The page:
Effects of habitat fragmentation on non-volant small mammals in Macacu River watershed, RJ, Brazil: from individuals to communities.
Habitat fragmentation is a process with detectable effects at individual, population, and community levels of ecological organization. Its effects at the individual level can be detected by indirect measures of fitness and its determinants, such as body condition and use of space, respectively. At the landscape scale, the structural characteristics of the fragments and the ongoing processes of fragmentation directly affect the survival of small mammal populations and communities. The results are changes in the composition, richness, and relative abundance of species constituting the communities. The main objective of this thesis was to evaluate the effects of habitat fragmentation on individual and community levels of organization for non-volant small mammals in a landscape of fragmented Atlantic Forest in Macacu River watershed, RJ, Brazil. Chapter 1 evaluated the effects of forest fragments (size, isolation, and amount of edge) and matrix (property ownership and economic use) characteristics, habitat structure, climatic seasons, and slope orientation on community parameters (species richness, abundance, species composition, and beta-diversity). Small mammals were surveyed in 27 fragments and three continuous forest sites, from 1999 to 2009, with a constant effort of 800 trap-nights per site. The effects of fragment and matrix characteristics on community parameters were evaluated by a model selection approach. Habitat structure was described by nine variables, associated with species composition and abundance through Multidimensional Scaling and Multiple Regression. The effects of climatic seasons and slope orientation on community parameters were evaluated by t-tests. A total of 1023 individuals of eight marsupial and 12 rodent species were captured. Didelphis aurita Wied-Neuwied, 1826, Philander frenatus (Olfers, 1818), and Akodon cursor (Winge, 1887) were the most abundant species accounted for 75.7% of individuals captured. The variation in community parameters was best explained by different factors: species richness by isolation, beta-diversity by property ownership and amount of edge, and species composition by isolation and amount of edge. As expected, more isolated fragments were poor in species. For beta-diversity, property ownership effects were attributed to different use of the fragments by the human population, resulting in different habitat heterogeneity and disturbance intensities. Canopy and understory openness, as well as presence of fallen logs, ordered communities by species composition and abundance. Didelphis aurita and Marmosa paraguayana (Tate, 1931) were considered habitat generalists. Akodon cursor was more abundant in habitats with more open canopy and understory, and smaller presence of fallen logs. The inverse pattern was found for P. frenatus. Community parameters did not differ between climatic seasons and slope orientation. Chapter 2 evaluated the effects of habitat fragmentation on body condition of the marsupials D. aurita and P. frenatus. Body condition was measured by least square means of body mass adjusted for a fixed body length in a generalized linear model design. The effects of fragment (size, amount of edge, and abundance of Astrocaryum aculeatissimum) and matrix characteristics (property ownership and economic use), age of individuals, and climatic season on body condition of D. aurita and P. frenatus were evaluated using a model selection approach. A total of 267 individuals of D. aurita and 85 of P. frenatus were captured in three continuous forest sites, and 87 of D. aurita and 185 of P. frenatus in 23 forest fragments. Individuals of both species had better body condition in continuous forest sites than in forest fragments, demonstrating that their fitness was negatively affected by habitat fragmentation in the Macacu river watershed. Although the populations of both species persist in fragments, they may do so in poorer condition. In fragments, age was the main determinant of body condition of D. aurita, with adults in better body condition than sub-adults. This pattern may be related to the trade-off between energy allocation for growth versus reproduction. Body condition of P. frenatus was mainly determined by property ownership. Individuals of P. frenatus were in better condition when the fragment was surrounded by large rural properties, which are less disturbed by livestock and human activities such as timber and hunting. Chapter 3 described and evaluated the use of space by P. frenatus in two small forest fragments, and compared it with the use of space in a continuous forest site. From 2007 to 2009, a capture-mark-recapture study was carried out in two forest fragments. Captured adults of P. frenatus were released with a spool-and-line device that allowed a detailed tracking of the animal path. Use of space was evaluated by daily home range (DHR) using the Minimum Convex Polygon method, path tortuosity using Fractal D, and percentage of vertical use. Use of the matrix and shelter was described as well. In continuous forest, located in the Serra dos Orgaos National Park, data were obtained using a similar protocol, from 1998 to 2005, as part of a previous capture-recapture program of the Laboratorio de Vertebrados, UFRJ. The effects of site (fragments vs. continuous forest site), sex, climatic season (dry vs. wet), and amount of thread tracked were evaluated by model selection approach. Frequencies of diameters and slopes of supports used in the vertical strata were compared between sites, sex, and frequencies of availability in the environment using G-tests. Eighty paths in fragments and 39 in continuous forest were tracked. The less tortuous paths in fragments can be related to more open vegetation in the understory, representing fewer obstacles to movements on the ground. A tendency for smaller DHRs in fragments compared to continuous forest and for females were found, and are probably related to high population density of P. frenatus and small size of the fragments (<10ha). Also, smaller DHRs in fragments were compensated by a greater vertical use. In the rainy season, a period of increased resource availability, the DHRs were smaller because individuals could meet their energy requirements covering smaller areas. Differences in frequency of use of diameters and slopes of supports between sites and sexes can be related to differences in body size. Individuals rarely used the matrix. Negative effects of habitat fragmentation on non-volant small mammals in the Macacu river watershed were detected at different levels of ecological organization, from individuals to communities. The evaluation of community structure, combined with measures of body condition, demonstrates that the two marsupial species more abundant in forest fragments, P. frenatus and D. aurita, persist in fragments in worse condition than in continuous forest sites. The effects of habitat fragmentation varied depending on the level of ecological organization: community structure was affected mainly by fragment characteristics whereas body condition mainly by matrix characteristics. More precise evaluations of the effects of habitat fragmentation should consider its effects on community, population, and individual scales.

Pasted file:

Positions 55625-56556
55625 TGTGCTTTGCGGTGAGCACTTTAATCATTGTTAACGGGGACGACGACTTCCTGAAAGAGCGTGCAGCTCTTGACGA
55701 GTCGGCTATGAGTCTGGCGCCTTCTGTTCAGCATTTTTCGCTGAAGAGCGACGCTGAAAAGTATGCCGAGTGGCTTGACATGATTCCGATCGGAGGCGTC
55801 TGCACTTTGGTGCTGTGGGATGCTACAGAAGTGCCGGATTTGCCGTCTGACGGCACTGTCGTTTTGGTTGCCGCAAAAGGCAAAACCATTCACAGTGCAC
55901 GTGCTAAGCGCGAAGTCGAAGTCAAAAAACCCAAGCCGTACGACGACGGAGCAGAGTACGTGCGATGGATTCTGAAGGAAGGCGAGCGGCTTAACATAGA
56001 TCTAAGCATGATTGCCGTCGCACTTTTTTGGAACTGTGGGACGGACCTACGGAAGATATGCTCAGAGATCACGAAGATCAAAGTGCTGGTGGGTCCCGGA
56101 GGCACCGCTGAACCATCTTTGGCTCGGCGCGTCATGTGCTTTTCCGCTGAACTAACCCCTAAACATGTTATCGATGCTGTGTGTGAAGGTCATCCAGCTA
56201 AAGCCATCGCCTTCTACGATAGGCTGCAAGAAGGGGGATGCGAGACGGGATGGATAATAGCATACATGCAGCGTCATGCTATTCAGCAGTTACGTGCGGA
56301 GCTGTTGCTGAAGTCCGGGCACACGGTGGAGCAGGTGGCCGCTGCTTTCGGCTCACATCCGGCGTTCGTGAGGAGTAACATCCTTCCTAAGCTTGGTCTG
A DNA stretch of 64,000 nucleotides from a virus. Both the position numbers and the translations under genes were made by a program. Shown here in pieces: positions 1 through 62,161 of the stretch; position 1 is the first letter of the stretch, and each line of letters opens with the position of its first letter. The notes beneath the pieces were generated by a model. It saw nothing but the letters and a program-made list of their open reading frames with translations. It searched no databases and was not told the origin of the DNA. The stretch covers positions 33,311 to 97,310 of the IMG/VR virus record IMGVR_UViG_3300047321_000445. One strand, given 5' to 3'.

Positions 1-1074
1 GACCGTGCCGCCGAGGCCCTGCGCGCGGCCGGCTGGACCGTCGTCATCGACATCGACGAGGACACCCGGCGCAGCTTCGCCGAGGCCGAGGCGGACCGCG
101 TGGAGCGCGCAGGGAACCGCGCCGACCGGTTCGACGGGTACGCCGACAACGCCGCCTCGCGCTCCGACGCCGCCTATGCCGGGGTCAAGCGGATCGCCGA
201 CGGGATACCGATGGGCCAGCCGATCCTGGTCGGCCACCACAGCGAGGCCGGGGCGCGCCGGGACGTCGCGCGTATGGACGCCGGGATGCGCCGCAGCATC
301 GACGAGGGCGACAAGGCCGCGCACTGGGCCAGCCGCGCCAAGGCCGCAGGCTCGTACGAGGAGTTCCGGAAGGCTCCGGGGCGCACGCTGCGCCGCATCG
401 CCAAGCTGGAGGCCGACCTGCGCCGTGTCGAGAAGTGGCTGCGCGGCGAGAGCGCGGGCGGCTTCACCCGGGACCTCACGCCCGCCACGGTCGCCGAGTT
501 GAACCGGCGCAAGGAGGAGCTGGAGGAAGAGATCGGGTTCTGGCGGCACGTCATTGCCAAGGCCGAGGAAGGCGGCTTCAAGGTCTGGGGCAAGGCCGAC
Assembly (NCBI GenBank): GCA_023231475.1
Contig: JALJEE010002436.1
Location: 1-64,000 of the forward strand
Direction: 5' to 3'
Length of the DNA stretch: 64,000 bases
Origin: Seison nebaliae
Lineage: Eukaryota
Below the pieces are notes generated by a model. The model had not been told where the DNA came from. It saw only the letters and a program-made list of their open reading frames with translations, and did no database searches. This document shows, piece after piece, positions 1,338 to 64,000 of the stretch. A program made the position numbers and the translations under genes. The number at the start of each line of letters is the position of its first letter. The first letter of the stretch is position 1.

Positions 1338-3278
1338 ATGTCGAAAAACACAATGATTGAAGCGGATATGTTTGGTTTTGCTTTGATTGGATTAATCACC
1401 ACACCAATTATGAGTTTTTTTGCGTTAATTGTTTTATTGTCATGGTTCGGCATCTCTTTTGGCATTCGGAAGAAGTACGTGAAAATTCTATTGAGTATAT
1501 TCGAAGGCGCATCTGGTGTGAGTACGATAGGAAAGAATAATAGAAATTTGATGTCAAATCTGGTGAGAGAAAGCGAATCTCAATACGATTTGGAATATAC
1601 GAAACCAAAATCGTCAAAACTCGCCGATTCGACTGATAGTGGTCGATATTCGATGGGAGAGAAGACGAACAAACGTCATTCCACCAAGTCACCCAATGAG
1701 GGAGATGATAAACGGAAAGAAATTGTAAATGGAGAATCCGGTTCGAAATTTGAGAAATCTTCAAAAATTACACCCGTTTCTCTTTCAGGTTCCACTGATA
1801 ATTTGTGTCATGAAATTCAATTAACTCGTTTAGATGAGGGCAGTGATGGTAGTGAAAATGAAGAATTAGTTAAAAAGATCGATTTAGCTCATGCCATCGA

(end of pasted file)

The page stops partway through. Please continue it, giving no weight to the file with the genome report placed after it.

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|Title Annotation:||RESUMENES DE TESIS|
|Date:||Jun 1, 2012|